City Cafe--DNJ Photo
Most of us see these as good things.  This hospitable acceptance of others has fueled significant growth in our city and county.  It has enriched our cultural and civic life.  Evidently, some outsiders see this as an appropriate place to sow anger and hate where there has been little.

Citizens have pushed back but not in hatred or anger.  Signs have popped up saying, “Murfreesboro Loves.” Alternate activities away from the downtown area are planned to show community unity.  Friday night, a community prayer service was held at First Baptist Church on East Main Street, a block from the Courthouse Square.  In that service, pastor Noel Schoonmaker said,

Prayer Service--DNJ Photo
"We express our opposition tonight prayerfully and peacefully.  The cross is a symbol of love, and we send love to immigrants and refugees and other targets of white supremacists. Hateful ideologies are antithetical to the teachings of Christ."

Most of us who live in Murfreesboro agree with these sentiments.  The ideology that one race has supremacy over another is antithetical to the gospel. Although we have sometimes faltered in proclaiming that message, we know that “Jesus loves all the little children of the world.”

On the secular side, equality of every person under law is an ideal that we continue to pursue.  It is good for our country, it is good for our people, and it is good for our city.

Today our city recognizes that we must allow people to express their opinions, even if we don’t like those opinions.  Tomorrow we will continue to love our neighbors and practice community cooperation.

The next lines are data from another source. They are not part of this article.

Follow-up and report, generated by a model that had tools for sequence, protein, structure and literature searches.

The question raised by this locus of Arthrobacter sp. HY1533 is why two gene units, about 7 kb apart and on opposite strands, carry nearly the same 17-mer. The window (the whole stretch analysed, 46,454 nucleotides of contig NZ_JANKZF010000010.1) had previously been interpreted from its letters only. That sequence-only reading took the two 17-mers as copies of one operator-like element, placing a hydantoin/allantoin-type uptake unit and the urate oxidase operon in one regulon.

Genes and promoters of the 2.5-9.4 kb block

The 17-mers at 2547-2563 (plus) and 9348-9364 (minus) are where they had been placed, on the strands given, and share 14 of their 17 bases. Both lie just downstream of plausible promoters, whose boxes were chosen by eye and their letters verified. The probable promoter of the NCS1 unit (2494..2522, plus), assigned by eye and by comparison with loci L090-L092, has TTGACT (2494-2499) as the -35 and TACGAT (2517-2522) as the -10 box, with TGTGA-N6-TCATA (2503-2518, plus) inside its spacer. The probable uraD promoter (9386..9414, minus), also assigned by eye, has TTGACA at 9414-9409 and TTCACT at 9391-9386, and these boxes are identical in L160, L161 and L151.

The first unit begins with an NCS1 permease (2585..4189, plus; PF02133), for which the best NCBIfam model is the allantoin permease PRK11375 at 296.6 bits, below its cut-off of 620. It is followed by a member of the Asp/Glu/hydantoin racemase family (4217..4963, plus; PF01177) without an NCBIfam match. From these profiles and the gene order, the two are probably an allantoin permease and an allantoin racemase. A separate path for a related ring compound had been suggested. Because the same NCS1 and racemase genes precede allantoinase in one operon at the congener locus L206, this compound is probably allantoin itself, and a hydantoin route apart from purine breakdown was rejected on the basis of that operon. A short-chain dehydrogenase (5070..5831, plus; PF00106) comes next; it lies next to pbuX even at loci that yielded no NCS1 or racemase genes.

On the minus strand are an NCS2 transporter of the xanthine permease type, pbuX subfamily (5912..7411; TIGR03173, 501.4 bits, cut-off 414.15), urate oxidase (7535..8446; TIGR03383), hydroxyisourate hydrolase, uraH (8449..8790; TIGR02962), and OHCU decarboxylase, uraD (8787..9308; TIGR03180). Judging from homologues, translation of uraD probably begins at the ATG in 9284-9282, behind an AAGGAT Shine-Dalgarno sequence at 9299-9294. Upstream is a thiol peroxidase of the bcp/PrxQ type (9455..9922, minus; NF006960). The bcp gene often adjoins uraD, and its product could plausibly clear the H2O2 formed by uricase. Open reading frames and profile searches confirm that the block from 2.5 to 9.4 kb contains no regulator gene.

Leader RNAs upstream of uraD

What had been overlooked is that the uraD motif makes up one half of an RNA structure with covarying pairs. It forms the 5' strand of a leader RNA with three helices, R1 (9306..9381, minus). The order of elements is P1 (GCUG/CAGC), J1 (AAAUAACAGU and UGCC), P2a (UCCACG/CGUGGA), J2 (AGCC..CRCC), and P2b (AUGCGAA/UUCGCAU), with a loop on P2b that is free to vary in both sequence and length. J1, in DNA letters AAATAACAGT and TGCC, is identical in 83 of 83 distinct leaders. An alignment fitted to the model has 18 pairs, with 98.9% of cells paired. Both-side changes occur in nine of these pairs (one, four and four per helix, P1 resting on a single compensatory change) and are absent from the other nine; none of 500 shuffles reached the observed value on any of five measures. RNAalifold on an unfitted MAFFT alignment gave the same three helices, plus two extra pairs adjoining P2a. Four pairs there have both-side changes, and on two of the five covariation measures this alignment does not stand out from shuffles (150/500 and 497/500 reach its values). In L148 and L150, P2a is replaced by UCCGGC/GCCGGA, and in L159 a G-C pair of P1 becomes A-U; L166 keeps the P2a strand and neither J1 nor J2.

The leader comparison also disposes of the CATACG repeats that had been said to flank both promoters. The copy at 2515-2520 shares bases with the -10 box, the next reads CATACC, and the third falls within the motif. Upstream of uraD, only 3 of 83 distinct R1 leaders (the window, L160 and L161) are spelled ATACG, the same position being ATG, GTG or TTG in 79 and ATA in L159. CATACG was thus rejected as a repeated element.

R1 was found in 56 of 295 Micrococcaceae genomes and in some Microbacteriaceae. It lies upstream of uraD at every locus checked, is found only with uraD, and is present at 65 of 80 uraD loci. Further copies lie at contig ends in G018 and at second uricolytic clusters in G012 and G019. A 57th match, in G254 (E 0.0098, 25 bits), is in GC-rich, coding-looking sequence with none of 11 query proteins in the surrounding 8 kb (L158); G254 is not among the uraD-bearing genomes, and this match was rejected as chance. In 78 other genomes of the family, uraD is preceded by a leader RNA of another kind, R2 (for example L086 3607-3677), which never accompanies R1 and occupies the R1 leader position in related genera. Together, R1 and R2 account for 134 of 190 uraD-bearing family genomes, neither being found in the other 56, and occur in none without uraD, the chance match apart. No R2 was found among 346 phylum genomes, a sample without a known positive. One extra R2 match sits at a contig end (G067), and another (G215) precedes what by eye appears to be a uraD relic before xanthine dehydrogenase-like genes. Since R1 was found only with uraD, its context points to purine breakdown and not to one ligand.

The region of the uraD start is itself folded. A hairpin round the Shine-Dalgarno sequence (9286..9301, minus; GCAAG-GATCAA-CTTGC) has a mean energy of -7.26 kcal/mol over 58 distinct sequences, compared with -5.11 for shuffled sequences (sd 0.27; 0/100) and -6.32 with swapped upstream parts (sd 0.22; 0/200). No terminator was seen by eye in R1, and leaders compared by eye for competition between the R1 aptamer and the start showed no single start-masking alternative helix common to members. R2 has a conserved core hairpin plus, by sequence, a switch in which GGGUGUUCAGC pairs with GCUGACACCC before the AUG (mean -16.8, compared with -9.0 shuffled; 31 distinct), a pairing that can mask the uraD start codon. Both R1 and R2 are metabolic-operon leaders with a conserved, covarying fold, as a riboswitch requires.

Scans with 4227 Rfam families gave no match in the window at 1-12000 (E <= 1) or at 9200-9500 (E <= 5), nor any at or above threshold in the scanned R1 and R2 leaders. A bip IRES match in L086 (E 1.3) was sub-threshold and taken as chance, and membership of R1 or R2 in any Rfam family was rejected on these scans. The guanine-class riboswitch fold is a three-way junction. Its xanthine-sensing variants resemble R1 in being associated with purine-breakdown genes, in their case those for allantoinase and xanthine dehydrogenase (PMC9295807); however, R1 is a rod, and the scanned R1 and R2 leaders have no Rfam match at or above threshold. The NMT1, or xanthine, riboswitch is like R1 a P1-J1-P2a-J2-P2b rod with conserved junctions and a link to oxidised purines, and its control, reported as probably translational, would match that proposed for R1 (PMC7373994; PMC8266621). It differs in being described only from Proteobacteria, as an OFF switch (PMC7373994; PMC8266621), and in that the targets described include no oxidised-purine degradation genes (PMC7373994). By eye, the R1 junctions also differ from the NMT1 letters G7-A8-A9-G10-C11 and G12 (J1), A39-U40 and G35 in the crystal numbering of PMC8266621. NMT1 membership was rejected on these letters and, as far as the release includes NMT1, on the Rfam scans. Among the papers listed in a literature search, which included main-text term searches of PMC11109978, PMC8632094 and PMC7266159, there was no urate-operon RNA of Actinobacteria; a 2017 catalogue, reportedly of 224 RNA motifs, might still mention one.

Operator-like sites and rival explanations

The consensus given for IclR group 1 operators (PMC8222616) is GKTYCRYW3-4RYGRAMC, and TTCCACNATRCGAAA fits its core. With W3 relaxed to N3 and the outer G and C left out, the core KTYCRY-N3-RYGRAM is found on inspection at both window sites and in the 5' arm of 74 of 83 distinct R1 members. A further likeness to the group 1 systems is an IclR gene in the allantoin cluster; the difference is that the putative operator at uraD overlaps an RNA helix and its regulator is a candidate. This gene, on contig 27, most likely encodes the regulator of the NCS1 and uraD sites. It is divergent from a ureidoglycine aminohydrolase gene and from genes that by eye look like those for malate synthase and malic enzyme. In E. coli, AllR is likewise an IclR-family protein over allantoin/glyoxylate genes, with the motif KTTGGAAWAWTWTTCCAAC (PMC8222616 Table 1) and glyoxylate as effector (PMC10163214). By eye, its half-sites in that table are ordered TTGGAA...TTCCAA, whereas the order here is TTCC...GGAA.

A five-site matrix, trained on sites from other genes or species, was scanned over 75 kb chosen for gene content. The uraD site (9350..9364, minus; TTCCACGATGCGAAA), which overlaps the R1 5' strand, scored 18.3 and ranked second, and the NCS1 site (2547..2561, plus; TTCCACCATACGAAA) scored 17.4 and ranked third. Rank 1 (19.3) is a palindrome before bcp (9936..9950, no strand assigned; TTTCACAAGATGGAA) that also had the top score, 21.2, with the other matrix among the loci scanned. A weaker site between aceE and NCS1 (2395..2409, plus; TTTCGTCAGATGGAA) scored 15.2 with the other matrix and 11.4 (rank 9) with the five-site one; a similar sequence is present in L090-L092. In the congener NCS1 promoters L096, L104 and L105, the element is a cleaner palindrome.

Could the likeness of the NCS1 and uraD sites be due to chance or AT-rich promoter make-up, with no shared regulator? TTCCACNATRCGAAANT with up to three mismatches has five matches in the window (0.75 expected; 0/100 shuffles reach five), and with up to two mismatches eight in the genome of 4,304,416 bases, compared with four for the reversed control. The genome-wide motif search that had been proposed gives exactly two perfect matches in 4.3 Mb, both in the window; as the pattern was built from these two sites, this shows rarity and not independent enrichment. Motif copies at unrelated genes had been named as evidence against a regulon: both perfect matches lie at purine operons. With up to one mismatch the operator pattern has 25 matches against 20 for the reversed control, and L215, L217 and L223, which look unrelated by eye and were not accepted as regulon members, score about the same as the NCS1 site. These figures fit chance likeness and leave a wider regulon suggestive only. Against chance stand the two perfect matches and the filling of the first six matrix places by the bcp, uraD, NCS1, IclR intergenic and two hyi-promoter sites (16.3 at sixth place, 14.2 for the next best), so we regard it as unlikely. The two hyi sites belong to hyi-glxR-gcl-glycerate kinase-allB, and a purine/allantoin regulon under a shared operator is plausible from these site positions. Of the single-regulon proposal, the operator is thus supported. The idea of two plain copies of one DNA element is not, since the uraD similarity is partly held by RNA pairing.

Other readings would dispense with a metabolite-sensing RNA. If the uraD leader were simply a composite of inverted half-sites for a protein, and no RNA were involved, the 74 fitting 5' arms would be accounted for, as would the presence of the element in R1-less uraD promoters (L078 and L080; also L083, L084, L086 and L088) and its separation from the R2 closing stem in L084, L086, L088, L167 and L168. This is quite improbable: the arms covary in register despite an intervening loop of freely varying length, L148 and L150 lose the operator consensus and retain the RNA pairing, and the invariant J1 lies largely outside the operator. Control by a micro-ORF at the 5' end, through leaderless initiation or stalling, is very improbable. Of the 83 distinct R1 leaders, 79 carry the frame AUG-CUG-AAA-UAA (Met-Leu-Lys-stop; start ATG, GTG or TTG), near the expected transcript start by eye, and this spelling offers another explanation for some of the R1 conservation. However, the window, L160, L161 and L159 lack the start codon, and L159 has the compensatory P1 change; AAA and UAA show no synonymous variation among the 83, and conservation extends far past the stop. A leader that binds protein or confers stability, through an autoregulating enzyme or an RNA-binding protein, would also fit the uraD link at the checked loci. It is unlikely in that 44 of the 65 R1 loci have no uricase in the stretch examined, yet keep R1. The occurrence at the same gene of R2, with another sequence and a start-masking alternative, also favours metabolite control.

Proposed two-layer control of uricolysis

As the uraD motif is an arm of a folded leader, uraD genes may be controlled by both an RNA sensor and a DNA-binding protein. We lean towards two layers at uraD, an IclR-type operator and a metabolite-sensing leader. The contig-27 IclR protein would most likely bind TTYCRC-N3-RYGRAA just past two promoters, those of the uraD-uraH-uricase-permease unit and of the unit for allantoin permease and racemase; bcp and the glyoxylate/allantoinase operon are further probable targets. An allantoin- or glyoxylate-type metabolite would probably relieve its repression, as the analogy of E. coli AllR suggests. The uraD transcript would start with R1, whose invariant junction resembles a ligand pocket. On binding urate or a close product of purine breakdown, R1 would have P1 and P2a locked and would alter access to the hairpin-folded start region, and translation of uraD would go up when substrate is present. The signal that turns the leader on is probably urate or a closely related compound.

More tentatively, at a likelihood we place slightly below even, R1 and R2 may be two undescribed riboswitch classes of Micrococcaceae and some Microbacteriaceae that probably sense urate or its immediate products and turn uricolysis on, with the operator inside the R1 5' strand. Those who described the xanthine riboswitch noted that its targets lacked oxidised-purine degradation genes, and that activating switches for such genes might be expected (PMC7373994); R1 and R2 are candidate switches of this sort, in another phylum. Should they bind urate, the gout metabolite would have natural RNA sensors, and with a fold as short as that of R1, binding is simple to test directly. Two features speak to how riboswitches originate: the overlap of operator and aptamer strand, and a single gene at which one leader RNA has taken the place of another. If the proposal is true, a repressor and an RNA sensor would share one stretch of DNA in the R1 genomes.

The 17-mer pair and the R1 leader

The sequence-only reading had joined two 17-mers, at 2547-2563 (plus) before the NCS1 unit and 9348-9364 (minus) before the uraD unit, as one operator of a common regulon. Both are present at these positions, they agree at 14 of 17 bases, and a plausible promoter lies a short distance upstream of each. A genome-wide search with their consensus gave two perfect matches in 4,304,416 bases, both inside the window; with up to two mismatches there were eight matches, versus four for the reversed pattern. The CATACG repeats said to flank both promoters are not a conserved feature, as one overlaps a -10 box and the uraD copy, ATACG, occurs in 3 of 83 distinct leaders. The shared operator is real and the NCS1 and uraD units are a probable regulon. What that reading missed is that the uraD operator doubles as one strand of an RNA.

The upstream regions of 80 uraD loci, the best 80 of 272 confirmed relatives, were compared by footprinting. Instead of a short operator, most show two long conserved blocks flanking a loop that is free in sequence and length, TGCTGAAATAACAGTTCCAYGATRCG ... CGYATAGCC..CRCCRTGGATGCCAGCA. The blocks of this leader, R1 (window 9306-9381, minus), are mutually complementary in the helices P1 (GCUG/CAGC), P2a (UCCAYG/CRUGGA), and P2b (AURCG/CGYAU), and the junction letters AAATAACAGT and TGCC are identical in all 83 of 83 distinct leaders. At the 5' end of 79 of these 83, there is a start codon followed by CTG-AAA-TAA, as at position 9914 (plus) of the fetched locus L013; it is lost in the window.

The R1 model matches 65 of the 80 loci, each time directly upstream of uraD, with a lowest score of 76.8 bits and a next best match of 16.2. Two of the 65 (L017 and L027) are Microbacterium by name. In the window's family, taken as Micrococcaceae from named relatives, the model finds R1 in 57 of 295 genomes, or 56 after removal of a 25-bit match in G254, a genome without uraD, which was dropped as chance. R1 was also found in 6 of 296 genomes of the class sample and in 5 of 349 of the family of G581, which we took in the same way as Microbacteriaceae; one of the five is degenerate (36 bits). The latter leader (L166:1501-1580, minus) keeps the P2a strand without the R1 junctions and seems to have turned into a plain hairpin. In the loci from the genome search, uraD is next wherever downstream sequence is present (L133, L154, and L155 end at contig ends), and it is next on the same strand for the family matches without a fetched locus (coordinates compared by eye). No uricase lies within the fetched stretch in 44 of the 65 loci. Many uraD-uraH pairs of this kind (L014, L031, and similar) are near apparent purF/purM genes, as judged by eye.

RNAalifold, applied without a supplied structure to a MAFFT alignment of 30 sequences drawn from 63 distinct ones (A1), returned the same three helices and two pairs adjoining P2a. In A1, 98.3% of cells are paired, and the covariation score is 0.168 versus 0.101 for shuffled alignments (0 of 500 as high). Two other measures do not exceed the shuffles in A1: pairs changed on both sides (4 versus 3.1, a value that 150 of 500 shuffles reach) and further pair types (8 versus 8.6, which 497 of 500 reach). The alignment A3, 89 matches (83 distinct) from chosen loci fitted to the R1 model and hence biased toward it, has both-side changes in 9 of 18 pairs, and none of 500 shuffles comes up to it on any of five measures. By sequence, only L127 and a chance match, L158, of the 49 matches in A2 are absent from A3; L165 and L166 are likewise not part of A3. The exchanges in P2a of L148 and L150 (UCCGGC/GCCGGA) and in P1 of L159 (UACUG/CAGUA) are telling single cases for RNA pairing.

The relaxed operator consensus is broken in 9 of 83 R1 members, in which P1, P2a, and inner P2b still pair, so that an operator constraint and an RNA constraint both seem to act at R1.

Friday, October 27, 2017

The Struggle Goes On

Dr. John Perkins and the author
There are some battles that must be fought continuously.  We often succumb to the idea that once certain victories are won, an issue is settled.  More than once, I have heard people say, “We have dealt with the idea of women being pastors; let’s move on.”  This is far from true as churches that seek to exercise their autonomy, deciding that the best qualified person to be their pastor is a woman, are disfellowshipped from the larger community of faith.

This is true of racism as well.  We have come a long way to be sure.  The sports heroes of one of my grandsons are African Americans like Odell Beckham, Jr., of the New York Giants; Stephen Curry of the Golden State Warriors; and Olympian Jesse Owens. My children and grandchildren don’t see race as a barrier, but racism is embedded in our society.  White supremacy is resurgent, white privilege is an uncomfortable fact, and institutional racism is a reality.

I recently attended the Urban Missional Institute Symposium at Central Seminary in Shawnee, Kansas.  The two speakers represented both the success of past efforts in achieving civil rights but also the unfinished task of overcoming racism.

Dr. John Perkins, civil rights activist and author of Let Justice Roll Down, is a hero of the movement of the 50s and 60s.  He has invested his life in seeking racial justice, rooting his efforts in the Christian faith and using legal and economic means to further the cause.  At 87, he realizes that the struggle goes on. 
We are not where we need to be.  His is still a powerful voice for justice.

Dr. Drew G. I. Hart
Dr. Drew G. I. Hart, professor of religion at Messiah College, a social activist, and author of Trouble I've Seen: Changing the Way the Church Views Racismbrought the insight of a younger generation to the conversation, emphasizing the need to change perspectives and values that sustain white privilege and institutional racism.  His keen and clear insights challenge the status quo.

Complacency threatens the successes of the past. An older generation tires of the struggle and must renew its focus.  A new generation awakens to realize that the fight goes on and becomes more engaged.  We cannot rest on our laurels but must address the challenges that continue to emerge.


Saturday, October 21, 2017

Marshall: A Review